Lesson: Engineering in Sports

Contributed by: Integrated Teaching and Learning Program, College of Engineering, University of Colorado Boulder

Action photograph of a soccer goalie stopping a shot on goal. The goalie appears to be flying through the air to stop the ball.
Students examine engineering in sports
copyright
Copyright © 2006 Microsoft Corporation, One Microsoft Way, Redmond, WA 98052-6399 USA. All rights reserved.

Summary

Imagining themselves arriving at the Olympics gold medal soccer game in Rio, Brazil, students begin to think about how engineering is involved in sports. After a discussion of kinetic and potential energy, an associated hands-on activity gives students an opportunity to explore energy-absorbing materials as they try to protect an egg from being crushed.
This engineering curriculum meets Next Generation Science Standards (NGSS).

Engineering Connection

Companies spend millions of dollars on research and hiring engineers specializing in aerodynamics, materials and other specialties in hopes of gaining a product edge. Engineers play an important role in sports, especially in the design of sporting equipment and high-performance athletics. From tennis racquets to swimsuits, engineers design with the goal of creating lighter, faster and stronger equipment. High-tech, well-designed gear helps athletes perform to their highest abilities while also staying safe. For most engineered sports equipment, energy transfer is the single most important scientific concept. Football pads and helmets must absorb high-energy collisions. The best golf clubs transfer as much energy to the golf ball as possible. Engineers must be able to understand and apply the principles of kinetic and potential energy to design excellent sporting equipment.

Learning Objectives

After this lesson, students should be able to:

  • Give examples of how engineers help athletes stay safe.
  • Give examples of how engineers help athletes perform to their highest abilities.
  • Define kinetic and potential energy and explain the difference between the two.

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Middle School Lesson

Educational Standards

Each TeachEngineering lesson or activity is correlated to one or more K-12 science, technology, engineering or math (STEM) educational standards.

All 100,000+ K-12 STEM standards covered in TeachEngineering are collected, maintained and packaged by the Achievement Standards Network (ASN), a project of D2L (www.achievementstandards.org).

In the ASN, standards are hierarchically structured: first by source; e.g., by state; within source by type; e.g., science or mathematics; within type by subtype, then by grade, etc.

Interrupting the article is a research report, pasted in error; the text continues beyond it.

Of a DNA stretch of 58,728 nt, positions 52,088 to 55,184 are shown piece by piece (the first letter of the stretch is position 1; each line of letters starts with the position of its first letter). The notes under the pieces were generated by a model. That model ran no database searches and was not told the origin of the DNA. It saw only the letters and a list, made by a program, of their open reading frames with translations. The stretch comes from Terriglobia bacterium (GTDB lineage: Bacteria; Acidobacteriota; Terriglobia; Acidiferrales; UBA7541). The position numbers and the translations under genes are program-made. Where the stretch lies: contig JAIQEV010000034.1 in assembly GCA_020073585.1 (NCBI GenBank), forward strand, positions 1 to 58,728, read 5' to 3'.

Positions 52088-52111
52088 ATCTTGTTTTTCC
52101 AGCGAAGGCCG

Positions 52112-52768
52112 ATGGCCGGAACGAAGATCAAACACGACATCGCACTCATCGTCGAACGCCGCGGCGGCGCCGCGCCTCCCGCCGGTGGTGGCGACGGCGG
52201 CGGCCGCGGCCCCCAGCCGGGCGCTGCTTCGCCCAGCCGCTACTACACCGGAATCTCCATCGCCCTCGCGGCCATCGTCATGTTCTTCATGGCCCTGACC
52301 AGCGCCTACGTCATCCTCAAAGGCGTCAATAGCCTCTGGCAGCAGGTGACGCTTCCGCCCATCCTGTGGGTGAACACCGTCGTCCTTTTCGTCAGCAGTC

• Use evidence to construct an explanation relating the speed of an object to the energy of that object. (Grade 4) Details... View more aligned curriculum... Do you agree with this alignment?
  • Use the four operations to solve word problems involving distances, intervals of time, liquid volumes, masses of objects, and money, including problems involving simple fractions or decimals, and problems that require expressing measurements given in a larger unit in terms of a smaller unit. Represent measurement quantities using diagrams such as number line diagrams that feature a measurement scale. (Grade 4) Details... View more aligned curriculum... Do you agree with this alignment?
  • Solve real world problems involving multiplication of fractions and mixed numbers, e.g., by using visual fraction models or equations to represent the problem. (Grade 5) Details... View more aligned curriculum... Do you agree with this alignment?
  • Fluently multiply multi-digit whole numbers using the standard algorithm. (Grade 5) Details... View more aligned curriculum... Do you agree with this alignment?
Suggest an alignment not listed above

Introduction/Motivation

A drawing of a hockey player and his gear: glove, stick, helmet with chin guard, and shin, ankle and knee guards.
Figure 1. A fully-padded hockey player.
copyright
Copyright © 2006 Microsoft Corporation, One Microsoft Way, Redmond, WA 98052-6399 USA. All rights reserved.

You and your class have just entered the Olympic stadium and are finding your seats before the final soccer game begins. You have been looking forward to this for months and you can feel the excitement in the air! You and your friends start to talk about all of your favorite players and debate who is the best player. Since you still have engineering "on the brain," you start thinking about how engineers are involved in soccer... and all your other favorite sports!

What are your favorite Olympic events to watch? What about sports that are not a part of the Olympics? What are the technologies that are used in these sports? What are examples of technology being used to judge the performances of athletes?

In many, ,many ways, technology is applied to sports. Think of the sports that require protective gear to keep athletes safe: soccer, football, cycling, skateboarding and hockey (see Figure 1). Many sports require hand-held equipment, such as bats, hockey and lacrosse sticks, fencing foils and golf clubs. These all involve engineering to be light and strong, to help the athletes' performances.

Have you ever seen a motorcycle jump or a snowboarding half-pipe competition? The ramps in these events are engineered to create challenges for the athletes. Many sports are timed and even played back in slow motion, and these precise and technical equipment and cameras are also designed by engineers.

Now that we have some ideas about how engineers are involved in sports engineering and helping athletes perform their best and stay safe, let's make a table on the board and see if we can fill it with some examples from our favorite sports. (Set up a grid on the classroom board similar to Table 1 and guide students through filling it in.)

A two-column, four-row table for football, soccer, baseball and hockey, indicating associated technology engineered to keep athletes save and technology engineered to help athletes perform their best.
Table 1. Examples of sports and the engineering and technologies involved.

One aspect of engineering that you may not think of right away is biomedical engineering applications to training. Biomedical engineers can help develop cardiovascular and weight training regimens for athletes. Engineers can also help athletes analyze their swings, explain the biomechanics of running, jumping or free throws, and figure out the speed of a puck as it zips past a goalie. All of this knowledge can help athletes modify their techniques so they can perform even better on the court, track, field or ice!